Background:Youth experiencing homelessness (YEH) are at elevated risk of HIV/AIDS and disproportionately identify as racial, ethnic, sexual, and gender minorities. We developed a new peer change agent (PCA) HIV prevention intervention with 3 arms: (1) an arm using an artificial intelligence (AI) planning algorithm to select PCAs; (2) a popularity arm, the standard PCA approach, operationalized as highest degree centrality (DC); and (3) an observation-only comparison group.Setting:A total of 713 YEH were recruited from 3 drop-in centers in Los Angeles, CA.Methods:Youth consented and completed a baseline survey that collected self-reported data on HIV knowledge, condom use, and social network information. A quasi-experimental pretest/posttest design was used; 472 youth (66.5% retention at 1 month postbaseline) and 415 youth (58.5% retention at 3 months postbaseline) completed follow-up. In each intervention arm (AI and DC), 20% of youth was selected as PCAs and attended a 4-hour initial training, followed by 7 weeks of half-hour follow-up sessions. Youth disseminated messages promoting HIV knowledge and condom use.Results:Using generalized estimating equation models, there was a significant reduction over time (P < 0.001) and a significant time by AI arm interaction (P < 0.001) for condomless anal sex act. There was a significant increase in HIV knowledge over time among PCAs in DC and AI arms.Conclusions:PCA models that promote HIV knowledge and condom use are efficacious for YEH. Youth are able to serve as a bridge between interventionists and their community. Interventionists should consider working with computer scientists to solve implementation problems.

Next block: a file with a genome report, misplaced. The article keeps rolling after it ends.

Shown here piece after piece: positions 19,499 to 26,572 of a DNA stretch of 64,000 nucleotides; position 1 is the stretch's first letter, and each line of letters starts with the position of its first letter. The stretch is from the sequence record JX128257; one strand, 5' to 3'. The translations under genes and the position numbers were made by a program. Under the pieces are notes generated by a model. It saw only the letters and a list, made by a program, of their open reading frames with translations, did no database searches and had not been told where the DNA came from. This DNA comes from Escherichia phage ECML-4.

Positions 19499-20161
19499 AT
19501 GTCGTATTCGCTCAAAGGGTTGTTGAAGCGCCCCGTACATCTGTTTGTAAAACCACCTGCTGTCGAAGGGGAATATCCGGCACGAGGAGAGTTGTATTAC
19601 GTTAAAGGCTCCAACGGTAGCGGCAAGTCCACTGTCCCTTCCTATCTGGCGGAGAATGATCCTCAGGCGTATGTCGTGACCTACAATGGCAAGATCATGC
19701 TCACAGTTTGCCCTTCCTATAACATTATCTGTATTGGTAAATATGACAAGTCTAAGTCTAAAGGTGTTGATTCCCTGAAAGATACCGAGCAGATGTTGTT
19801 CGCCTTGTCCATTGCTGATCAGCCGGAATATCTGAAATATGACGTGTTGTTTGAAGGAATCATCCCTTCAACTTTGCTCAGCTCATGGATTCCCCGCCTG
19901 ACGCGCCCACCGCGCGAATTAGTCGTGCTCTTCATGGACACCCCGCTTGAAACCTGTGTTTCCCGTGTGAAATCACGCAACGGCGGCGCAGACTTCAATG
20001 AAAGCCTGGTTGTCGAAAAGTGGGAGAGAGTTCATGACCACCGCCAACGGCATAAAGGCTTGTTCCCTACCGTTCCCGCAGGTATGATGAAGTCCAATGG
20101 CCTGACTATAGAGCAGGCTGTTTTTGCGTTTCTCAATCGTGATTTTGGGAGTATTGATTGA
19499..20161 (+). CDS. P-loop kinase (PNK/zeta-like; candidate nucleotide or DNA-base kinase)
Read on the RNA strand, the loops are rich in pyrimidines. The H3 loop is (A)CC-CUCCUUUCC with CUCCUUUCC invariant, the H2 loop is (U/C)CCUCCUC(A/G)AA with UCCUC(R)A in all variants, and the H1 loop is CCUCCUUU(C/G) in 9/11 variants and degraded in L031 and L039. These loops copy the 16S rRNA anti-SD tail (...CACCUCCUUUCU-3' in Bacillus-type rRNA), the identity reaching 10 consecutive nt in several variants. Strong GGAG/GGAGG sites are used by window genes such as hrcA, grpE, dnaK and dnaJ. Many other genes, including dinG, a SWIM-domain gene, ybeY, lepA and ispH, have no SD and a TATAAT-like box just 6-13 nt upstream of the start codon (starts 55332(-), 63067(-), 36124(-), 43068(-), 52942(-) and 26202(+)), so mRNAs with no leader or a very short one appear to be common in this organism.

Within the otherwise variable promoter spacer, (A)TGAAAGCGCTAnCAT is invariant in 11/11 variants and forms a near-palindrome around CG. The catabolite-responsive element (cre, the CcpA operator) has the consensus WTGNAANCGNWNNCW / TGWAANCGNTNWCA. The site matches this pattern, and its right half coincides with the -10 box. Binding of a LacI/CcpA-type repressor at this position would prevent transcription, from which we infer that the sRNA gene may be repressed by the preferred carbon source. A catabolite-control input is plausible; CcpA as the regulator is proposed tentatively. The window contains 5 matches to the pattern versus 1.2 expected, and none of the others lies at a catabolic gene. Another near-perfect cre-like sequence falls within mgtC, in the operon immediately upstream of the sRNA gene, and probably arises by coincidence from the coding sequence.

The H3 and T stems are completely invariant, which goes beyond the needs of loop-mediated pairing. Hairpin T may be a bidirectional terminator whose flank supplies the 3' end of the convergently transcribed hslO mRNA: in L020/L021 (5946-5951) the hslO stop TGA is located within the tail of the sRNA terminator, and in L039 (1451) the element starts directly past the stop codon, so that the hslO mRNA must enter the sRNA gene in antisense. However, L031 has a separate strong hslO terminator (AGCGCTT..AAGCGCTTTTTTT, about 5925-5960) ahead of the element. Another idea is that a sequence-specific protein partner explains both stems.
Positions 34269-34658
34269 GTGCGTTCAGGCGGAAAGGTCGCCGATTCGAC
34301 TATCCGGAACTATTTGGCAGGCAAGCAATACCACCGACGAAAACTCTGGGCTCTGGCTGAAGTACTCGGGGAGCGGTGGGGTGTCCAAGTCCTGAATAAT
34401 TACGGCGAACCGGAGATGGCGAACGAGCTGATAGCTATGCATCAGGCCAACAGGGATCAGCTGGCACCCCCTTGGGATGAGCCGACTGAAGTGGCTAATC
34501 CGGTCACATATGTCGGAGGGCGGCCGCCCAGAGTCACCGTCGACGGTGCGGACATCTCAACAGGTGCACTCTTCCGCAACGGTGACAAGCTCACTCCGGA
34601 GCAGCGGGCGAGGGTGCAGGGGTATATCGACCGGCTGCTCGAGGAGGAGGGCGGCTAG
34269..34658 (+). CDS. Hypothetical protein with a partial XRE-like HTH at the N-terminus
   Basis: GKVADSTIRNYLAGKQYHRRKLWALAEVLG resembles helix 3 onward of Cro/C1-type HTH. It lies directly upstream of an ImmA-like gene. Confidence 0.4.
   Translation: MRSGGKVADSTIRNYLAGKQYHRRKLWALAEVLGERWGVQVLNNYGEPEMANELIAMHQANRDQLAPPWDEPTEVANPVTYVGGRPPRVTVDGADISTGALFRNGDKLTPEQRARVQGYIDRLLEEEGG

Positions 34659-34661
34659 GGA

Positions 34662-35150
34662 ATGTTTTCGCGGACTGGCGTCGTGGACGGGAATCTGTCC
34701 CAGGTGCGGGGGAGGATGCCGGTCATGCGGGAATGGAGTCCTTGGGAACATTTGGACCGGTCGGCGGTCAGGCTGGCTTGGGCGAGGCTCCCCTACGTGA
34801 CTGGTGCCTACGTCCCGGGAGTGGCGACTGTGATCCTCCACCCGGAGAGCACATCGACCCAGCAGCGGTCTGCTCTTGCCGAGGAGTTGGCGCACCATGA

All Science Journal Classification (ASJC) codes
- Infectious Diseases
- Pharmacology (medical)